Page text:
Instead, we wound up with a finish that reminds longtime fans of the quality intermediate races of old. Now that’s a product you can go out and sell to the general public, right? Whatever formula Goodyear found out, let’s hope they bring it to other tracks. And whenever another oval hears a question about repaving, like Dale Earnhardt, Jr. was suggesting about Fontana’s backstretch? The company line should be as simple as three words: “DO. NOT. TOUCH.”

Did You Notice?… What’s made the difference for Kurt Busch? The last two weeks, it’s been rediscovering an ability to fight back. Last season, with Phoenix Racing whenever something awful would happen – be it a minor wreck, speeding penalty, whatever – Busch’s response, besides the yelling, would be to turn overaggressive. He’d try too hard to make up time, spinning out in the process or blowing out equipment for a team living its life on the mechanical edge.

Kurt Busch is sitting pretty at Furniture Row Racing—is he on the way to a win with the single-car effort?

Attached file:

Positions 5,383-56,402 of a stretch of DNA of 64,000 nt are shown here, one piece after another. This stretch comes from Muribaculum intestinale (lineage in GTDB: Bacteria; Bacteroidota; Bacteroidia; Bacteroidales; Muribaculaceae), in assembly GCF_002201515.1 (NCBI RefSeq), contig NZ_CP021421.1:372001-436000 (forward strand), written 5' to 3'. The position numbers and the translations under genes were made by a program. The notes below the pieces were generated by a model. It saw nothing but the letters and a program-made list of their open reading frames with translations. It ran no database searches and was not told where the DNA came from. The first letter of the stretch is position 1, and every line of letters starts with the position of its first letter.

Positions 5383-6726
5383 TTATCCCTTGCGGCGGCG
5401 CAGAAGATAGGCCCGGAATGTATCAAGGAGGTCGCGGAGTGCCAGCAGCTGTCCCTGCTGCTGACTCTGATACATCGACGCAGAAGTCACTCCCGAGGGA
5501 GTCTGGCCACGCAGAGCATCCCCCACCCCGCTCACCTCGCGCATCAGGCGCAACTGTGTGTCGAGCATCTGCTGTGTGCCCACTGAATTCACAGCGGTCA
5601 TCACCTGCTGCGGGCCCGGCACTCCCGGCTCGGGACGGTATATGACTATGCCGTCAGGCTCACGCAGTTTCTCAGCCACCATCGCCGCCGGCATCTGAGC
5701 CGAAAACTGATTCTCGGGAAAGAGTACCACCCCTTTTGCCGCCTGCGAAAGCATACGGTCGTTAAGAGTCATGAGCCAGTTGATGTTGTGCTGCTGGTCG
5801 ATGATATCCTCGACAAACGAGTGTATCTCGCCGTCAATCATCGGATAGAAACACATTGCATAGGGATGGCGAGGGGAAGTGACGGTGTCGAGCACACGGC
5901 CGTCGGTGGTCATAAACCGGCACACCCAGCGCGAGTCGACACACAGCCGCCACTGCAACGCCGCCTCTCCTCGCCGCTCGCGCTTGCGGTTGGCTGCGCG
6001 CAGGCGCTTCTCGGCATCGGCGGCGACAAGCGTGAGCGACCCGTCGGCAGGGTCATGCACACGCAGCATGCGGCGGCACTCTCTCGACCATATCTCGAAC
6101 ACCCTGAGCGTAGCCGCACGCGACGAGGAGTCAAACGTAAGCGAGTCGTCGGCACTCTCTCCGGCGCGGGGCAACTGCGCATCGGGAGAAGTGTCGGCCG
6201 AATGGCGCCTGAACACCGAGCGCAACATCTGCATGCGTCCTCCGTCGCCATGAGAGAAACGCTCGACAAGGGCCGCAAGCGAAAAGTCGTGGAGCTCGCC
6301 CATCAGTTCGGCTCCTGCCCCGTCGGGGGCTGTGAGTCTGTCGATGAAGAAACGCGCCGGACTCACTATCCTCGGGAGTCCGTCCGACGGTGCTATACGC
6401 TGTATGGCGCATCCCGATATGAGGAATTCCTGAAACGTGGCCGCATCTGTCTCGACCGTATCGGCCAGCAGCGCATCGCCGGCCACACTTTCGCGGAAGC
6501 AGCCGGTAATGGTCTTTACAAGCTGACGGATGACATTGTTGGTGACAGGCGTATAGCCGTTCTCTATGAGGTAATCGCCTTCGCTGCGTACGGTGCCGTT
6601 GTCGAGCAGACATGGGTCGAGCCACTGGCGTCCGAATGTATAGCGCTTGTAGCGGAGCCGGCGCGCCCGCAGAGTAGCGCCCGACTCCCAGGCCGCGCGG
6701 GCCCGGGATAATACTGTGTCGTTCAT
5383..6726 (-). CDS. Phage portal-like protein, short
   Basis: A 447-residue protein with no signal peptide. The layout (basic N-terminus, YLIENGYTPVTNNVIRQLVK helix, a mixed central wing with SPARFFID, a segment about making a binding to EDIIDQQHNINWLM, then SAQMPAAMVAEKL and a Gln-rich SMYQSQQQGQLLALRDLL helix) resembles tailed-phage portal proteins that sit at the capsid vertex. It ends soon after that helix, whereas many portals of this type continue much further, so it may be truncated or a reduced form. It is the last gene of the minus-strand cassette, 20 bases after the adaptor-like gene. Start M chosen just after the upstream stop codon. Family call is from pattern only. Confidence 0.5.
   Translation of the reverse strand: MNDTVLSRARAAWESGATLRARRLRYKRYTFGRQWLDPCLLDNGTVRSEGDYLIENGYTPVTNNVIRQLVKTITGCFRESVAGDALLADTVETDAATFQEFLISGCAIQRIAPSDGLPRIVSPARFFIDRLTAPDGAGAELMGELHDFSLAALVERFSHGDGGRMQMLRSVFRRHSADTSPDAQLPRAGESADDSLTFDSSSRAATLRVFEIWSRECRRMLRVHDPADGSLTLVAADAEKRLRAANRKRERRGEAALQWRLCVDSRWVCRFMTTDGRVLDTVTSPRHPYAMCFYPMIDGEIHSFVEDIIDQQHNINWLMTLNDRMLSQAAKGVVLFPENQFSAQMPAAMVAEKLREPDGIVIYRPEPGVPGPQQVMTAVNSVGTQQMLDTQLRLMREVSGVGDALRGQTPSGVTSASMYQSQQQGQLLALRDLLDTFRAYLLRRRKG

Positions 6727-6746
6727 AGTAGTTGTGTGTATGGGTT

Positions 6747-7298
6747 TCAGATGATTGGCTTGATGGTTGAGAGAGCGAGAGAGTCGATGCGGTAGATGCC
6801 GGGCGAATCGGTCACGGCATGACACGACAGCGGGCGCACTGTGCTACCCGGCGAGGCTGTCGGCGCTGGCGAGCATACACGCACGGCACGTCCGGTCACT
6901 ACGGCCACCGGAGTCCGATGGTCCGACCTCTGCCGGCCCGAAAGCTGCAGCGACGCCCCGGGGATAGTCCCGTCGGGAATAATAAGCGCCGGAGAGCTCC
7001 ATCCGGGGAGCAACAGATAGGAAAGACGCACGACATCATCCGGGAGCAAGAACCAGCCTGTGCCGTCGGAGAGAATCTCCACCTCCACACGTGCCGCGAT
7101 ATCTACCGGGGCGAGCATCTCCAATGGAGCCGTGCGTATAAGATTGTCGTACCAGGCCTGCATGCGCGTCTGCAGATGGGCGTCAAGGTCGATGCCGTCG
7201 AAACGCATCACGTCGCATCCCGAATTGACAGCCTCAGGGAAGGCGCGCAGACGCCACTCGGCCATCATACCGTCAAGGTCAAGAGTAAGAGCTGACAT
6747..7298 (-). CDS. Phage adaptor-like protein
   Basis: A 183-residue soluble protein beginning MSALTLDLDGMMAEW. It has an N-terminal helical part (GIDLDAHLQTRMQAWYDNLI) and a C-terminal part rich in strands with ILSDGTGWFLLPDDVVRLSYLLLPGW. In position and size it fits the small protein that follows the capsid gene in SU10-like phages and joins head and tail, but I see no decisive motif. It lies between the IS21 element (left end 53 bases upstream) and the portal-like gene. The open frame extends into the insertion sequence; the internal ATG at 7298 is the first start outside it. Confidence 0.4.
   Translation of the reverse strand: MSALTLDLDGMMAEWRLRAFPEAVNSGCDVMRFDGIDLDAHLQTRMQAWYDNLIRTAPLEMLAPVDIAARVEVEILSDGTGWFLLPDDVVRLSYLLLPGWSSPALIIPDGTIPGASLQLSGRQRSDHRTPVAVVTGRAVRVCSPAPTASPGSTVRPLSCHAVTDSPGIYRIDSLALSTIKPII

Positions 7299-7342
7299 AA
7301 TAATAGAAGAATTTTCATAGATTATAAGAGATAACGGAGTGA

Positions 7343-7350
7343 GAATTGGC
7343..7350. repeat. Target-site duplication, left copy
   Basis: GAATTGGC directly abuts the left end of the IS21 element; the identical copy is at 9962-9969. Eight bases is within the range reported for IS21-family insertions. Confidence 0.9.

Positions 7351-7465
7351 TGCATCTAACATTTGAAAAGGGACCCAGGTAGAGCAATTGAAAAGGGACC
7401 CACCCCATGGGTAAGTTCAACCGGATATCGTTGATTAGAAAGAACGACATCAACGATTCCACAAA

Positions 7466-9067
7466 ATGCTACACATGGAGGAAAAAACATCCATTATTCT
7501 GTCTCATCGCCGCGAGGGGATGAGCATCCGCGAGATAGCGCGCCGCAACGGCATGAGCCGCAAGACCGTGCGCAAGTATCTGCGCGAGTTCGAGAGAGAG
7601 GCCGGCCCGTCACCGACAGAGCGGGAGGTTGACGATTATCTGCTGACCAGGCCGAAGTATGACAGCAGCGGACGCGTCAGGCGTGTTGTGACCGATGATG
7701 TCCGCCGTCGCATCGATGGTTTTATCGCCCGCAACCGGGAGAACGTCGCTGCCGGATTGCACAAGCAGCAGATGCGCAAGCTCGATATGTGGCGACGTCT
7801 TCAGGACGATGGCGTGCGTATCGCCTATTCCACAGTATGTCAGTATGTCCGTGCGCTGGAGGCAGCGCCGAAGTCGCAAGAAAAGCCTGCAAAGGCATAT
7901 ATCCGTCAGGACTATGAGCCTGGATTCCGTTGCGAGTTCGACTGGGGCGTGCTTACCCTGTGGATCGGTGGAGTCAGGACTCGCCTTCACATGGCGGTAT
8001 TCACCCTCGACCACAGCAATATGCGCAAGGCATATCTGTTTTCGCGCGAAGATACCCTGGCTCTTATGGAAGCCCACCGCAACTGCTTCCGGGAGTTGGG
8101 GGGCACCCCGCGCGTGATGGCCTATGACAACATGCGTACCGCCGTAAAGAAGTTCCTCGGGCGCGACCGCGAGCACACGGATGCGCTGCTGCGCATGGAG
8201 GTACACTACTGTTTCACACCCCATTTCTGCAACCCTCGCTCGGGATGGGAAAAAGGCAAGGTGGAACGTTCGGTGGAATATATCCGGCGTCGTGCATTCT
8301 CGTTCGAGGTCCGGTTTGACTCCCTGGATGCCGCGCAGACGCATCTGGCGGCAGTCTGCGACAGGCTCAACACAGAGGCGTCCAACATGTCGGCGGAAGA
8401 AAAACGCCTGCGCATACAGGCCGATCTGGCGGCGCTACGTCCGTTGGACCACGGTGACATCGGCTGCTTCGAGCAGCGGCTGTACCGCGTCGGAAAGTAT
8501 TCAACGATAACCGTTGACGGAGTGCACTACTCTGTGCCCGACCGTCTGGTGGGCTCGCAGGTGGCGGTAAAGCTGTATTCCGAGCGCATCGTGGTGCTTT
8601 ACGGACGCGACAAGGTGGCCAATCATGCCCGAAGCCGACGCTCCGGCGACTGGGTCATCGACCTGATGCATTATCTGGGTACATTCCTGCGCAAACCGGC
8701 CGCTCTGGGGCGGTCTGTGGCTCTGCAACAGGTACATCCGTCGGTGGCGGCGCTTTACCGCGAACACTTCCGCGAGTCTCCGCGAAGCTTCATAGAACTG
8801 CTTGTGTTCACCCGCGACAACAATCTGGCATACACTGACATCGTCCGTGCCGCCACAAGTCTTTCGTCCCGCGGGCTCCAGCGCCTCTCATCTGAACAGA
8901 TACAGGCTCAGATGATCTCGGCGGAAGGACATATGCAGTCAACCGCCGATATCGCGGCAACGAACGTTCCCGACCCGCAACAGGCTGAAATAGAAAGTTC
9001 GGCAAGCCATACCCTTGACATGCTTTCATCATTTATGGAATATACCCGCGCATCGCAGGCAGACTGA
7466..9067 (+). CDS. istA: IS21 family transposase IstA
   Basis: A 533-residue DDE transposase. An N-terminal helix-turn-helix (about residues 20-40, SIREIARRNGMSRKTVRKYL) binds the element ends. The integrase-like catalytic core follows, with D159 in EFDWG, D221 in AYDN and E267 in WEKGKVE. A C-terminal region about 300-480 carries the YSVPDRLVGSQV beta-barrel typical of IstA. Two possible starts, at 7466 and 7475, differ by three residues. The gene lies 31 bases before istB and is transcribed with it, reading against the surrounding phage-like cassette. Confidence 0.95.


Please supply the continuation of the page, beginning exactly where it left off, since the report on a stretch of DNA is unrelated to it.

Now? Busch still yells, but he believes in crew chief Todd Berrier and has just enough patience to wait for the race to come to him. That’s exactly what happened Sunday; after fighting, for multiple cautions, to be the Lucky Dog, Busch snatched it up in the last 100 miles and responded accordingly. When the opportunity presented itself, the equipment was there – not used up – and the No. 78’s march to the front rivaled that of his younger brother these past few weeks. Busch has also learned to be better in front of the mic, thanking his team after the race and saying nice things, publicly and prominently even if he doesn’t mean them.